the Rookie Birder

I have watched birds all my life, but after reading "The Big Year," "Grail Bird" and especially Kenn Kaufman's "Kingbird Highway," plus Santa's timely stocking stuffer of "Sibley's 2003 Eastern & Western Field Guides," I made the decision to become a rookie birder beginning January 1st, 2006.

Monday, January 09, 2006

Birds between intense snow showers

Temple Trail, Frisco, Colorado
South side of Frisco, behind Mountain Side Condos at the end of 5th street

Tuesday, January 3rd, 2006, 11am

This morning was no early riser either. But the budding birder in me didn't feel any loss today because when we awoke, we awoke to an intense snow with wildly blowing winds. It was unlikely any birds would be out in weather like this.

After a very late breakfast, the sun finally popped its head out, and though it was still rather windy, we really wanted to take the kids out in the snow for a ride on the sled on the Temple Trail just behind the Mountain Side Condos where we were staying on the south side of Frisco, Colorado, with our friends Rob & Liz.

We bundled up the kids in their winter wear, Robert in a snowsuit that made movement for him impossible, we grabbed the sled and headed for the trail. To get to the Temple Trail, which runs between Breckenridge and Vail (at group ran the Colorado Relay Race on parts of it in September of 2002), we simply had to go out the building, cross the field and the creek to the west of the building, and start heading north on the trail.

As soon as we rounded the building and set eyes on the field, I immediately heard a half a dozen different birds loudly going about their late morning routines now that the wind and snow had let up. As a rookie birder I didn't have the skills to recognize all of them, but I immediately knew one of the annoying loud squawks was a Steller's Jay. Now to just find it. It didn't take long, it flew into a small tree 30 feet away, and well, if you have ever seen a STELLAR'S JAY (photo Tyler Allred), it is hard to confuse its dark or pale blue body and blackish head with that unforgettable crest. It was bird #8 for the year. Now the family wanted to go sledding and didn't care.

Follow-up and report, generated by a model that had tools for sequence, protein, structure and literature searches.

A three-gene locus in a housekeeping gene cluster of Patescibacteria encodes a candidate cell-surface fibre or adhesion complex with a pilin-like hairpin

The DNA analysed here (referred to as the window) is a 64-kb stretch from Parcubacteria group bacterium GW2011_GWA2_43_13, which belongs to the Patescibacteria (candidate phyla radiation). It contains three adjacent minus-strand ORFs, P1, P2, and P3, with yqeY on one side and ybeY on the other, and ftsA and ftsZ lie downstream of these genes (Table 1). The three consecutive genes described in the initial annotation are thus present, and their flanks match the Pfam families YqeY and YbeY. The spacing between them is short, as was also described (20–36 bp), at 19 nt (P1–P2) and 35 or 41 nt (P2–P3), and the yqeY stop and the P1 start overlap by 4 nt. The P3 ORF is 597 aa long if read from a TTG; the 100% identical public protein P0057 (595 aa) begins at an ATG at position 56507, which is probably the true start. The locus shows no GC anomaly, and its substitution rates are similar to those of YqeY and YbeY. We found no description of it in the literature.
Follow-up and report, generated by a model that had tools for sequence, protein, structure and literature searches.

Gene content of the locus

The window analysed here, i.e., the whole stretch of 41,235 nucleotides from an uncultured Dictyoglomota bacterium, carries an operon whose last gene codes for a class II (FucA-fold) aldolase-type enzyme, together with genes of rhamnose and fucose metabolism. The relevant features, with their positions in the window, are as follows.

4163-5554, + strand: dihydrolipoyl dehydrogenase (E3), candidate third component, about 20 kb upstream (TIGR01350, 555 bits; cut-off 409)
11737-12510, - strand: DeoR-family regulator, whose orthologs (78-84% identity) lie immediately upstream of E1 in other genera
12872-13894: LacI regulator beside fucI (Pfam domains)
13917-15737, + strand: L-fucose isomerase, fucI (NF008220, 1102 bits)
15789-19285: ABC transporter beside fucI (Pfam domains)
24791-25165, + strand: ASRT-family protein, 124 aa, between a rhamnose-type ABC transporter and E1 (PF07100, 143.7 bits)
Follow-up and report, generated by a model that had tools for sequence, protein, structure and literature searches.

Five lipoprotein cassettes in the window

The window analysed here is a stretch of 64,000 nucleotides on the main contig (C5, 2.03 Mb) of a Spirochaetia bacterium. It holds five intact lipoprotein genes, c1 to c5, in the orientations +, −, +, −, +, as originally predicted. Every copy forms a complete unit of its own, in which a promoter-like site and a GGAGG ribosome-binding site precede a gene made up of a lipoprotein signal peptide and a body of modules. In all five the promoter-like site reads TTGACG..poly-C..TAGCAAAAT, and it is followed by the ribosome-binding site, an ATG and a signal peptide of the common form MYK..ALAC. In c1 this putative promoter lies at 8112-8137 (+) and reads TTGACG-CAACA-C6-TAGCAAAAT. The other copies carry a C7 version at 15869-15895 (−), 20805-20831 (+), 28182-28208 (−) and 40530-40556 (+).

So we got moving again, and once we were half way across the field through the extensive 5-8 foot brush, I HAD to stop to see if I could identify the back headed birds hurriedly zipping about in the brush. One finally sat still enough for me to see that it looked like a BLACK-CAPPED CHICKADEE (photo Matt Fletcher). But then it whistled the distinctive fee-beeeee call and I knew I had my bird, #9 for the year. By this time I had my guide book open, and I noticed that I had to make sure I didn't have myself a Mountain Chickadee instead. For my field observations, for me it came down to the white edged wing feathers and no obvious white eye brow which the Mountain Chickadee has.

I finally satisfied myself that it was my 9th bird of the year once I logged onto the BNA Online site ( and heard the distinctive fee-bee whistle again there. It sounds nothing like the Mountain Chickadee's call, despite what the guide book might say. After going to the site and listening to the calls online there, I also realized that I was hearing at least one other Black-capped Chickadee making the chick-a-dee-dee call that I thought was another bird. Of course now that I am back in Chicago where I periodically see Black-capped Chickadees in my back yard, I wish I had seen the Mountain Chickadee instead, but it was what it was.

At this point, field guide in hand with an impatient wife and family, I packed up the guide, put on the gloves and we headed to the trail. There we found a small incline to see if Anna Grace was game for going down a hill, and she was. After 3 or 4 short runs down the hill, Lynne asked her if she wanted to go down a bigger hill. She did. The big sledding hill was just across another field, and away we went. On the way I was hearing birds everywhere, the sun was out and so were they. My plan was to get us to the hill and see what I could ID. Problem is the weather changed quicker than we could say Ivory-billed Woodpecker. In an instant it was snowing, the wind was whipping snow in our face and it hurt. We were back in the condo in 20 minutes and didn't see any more birds today, but for today we added two more birds and saw birds 8 & 9:



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